Homeschooling in Hawaii

Legal/Homeschool Laws

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Hawaii Homeschool Laws & Other Legal Issues
Laws that regulate home education vary from state to state. It is important to understand the legal requirements in your state and to be aware of legislative and other legal issues that affect homeschoolers in your community. We've compiled resources that will help you become informed. Although homeschooling is legal in all 50 states, and the vast majority of homeschoolers face no problems, you may find that you need legal assistance at some point in your homeschooling career. We've compiled a list of resources to help you find the support you need. And if you'd like to become more involved in working towards homeschooling freedoms, we discuss some of the issues facing homeschoolers that we hope you find compelling.

 
State Laws
  Read the laws regulating home education in Hawaii and browse through the case law and legal opinions relating to those laws, along with government publications relating to homeschooling and summaries of the laws.

Forms
  Which forms do you need to fill out? Where can you get them? Here is a list of useful forms for homeschooling in Hawaii.

Legal Support
  If you need legal information or have run into a legal situation regarding your decision to homeschool, these resources will be helpful.

Lobbying Groups
  A listing of local and national lobbying groups and information on how you can become involved in the political process to ensure the freedom to homeschool is protected.

Attorneys
  When searching for an attorney, it is helpful to know whether he or she has experience working with homeschoolers and is interested in protecting the right to homeschool.

Legal Issues
  Is homeschooling legal? Which laws pertain to homeschoolers and which don't? How do homeschoolers protect their rights to freely educate their children and to preserve their privacy?

Government Resources
  A listing of local and state government resources, including your state's Department of Education, school districts, and Senate and House of Representative information.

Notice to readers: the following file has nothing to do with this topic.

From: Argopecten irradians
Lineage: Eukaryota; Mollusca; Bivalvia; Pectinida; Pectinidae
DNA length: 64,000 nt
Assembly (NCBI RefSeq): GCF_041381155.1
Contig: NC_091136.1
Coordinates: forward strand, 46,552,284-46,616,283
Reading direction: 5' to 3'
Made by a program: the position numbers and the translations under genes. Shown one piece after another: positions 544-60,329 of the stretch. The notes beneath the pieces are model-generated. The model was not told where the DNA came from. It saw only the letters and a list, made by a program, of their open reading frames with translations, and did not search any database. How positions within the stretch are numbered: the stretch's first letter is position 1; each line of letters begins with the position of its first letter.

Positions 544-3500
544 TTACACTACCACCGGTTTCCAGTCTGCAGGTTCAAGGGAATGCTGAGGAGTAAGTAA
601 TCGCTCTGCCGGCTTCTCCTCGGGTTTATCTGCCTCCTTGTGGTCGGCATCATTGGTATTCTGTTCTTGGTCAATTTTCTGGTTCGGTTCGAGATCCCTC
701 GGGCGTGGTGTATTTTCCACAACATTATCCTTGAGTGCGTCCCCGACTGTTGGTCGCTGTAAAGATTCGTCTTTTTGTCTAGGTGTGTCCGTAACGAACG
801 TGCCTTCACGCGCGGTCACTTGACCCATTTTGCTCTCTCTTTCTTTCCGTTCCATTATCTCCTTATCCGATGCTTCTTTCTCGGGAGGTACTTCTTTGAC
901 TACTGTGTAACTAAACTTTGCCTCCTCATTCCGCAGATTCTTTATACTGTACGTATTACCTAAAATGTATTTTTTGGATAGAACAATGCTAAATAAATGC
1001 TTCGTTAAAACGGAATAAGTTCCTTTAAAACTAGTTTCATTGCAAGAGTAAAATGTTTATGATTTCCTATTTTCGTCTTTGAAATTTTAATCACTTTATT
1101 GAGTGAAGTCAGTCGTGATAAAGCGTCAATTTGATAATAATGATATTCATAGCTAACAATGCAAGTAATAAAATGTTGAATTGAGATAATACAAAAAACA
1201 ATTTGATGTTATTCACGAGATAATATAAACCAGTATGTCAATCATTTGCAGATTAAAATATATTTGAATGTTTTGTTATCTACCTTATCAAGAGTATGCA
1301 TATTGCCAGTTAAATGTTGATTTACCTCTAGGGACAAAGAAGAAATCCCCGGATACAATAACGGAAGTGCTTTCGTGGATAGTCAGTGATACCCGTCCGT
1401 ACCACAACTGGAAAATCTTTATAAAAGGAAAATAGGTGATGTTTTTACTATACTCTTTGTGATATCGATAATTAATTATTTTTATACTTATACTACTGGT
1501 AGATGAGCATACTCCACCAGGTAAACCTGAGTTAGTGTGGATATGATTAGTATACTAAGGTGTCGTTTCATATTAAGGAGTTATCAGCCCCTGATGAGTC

Featured Articles & Links Back to Top
The Seduction of Homeschooling Families
Chris Cardiff
Do the public school authorities feel threatened by homeschooling? Judging by their efforts to lure homeschooling families into dependence on local school districts, the answer is apparently yes.
AHSA-USA Email List
This list is an opportunity for homeschoolers to contact homeschooling attorneys and experts about homeschooling legal and litigation issues. It is an informal network of attorneys and legal experts that are concerned with litigation pending and threatened against homeschoolers. Its primary purpose is to exchange legal information within the profession, and to educate and support attorneys and experts involved in homeschool litigation.
Legal Directory By State
The Association of HomeSchool Attorneys (AHSA) provides a list of attorneys who consult with and/or represent homeschoolers.
Hawai'i Regulations
Hawai'i has a state-run public school system. The rules governing homeschooling in Hawai'i are found in Chapter 12, "Compulsory Attendance Exceptions" of the Hawai'i Administrative Rules for the Department of Education. In particular, see sections 8-12-1 through 8-12-4 and 8-12-13 through 8-12-22. Read the rules and refer to them when dealing with school officials. Most of the problems that arise between parents and school officials are due to simple misunderstanding of the administrative rules. Do not rely on school personnel to tell you what to do. Contact a support group if you need help. This is a brief description of some of the rules.
ยง8-12-21 High school diploma for home-schooled children.
A home-schooled child who wants to earn a high school diploma from the local public high school shall attend high school for a minimum of three full years to meet the twenty credit requirement for graduation. Satisfactory performance on the Hawaii State Test of Essential Competencies (HSTEC) is also required. (b) A home-schooled child who wants to earn a high school diploma from the community school for adults shall meet the following requirements: (1) Be at least seventeen years of age, except in the case of emancipated minors; (2) Has been home-schooled for at least one semester under Hawaii's home-schooling procedures; and (3) Take and achieves a satisfactory score on the General Educational Development (GED) test. The diploma shall be awarded by the community school for adults.


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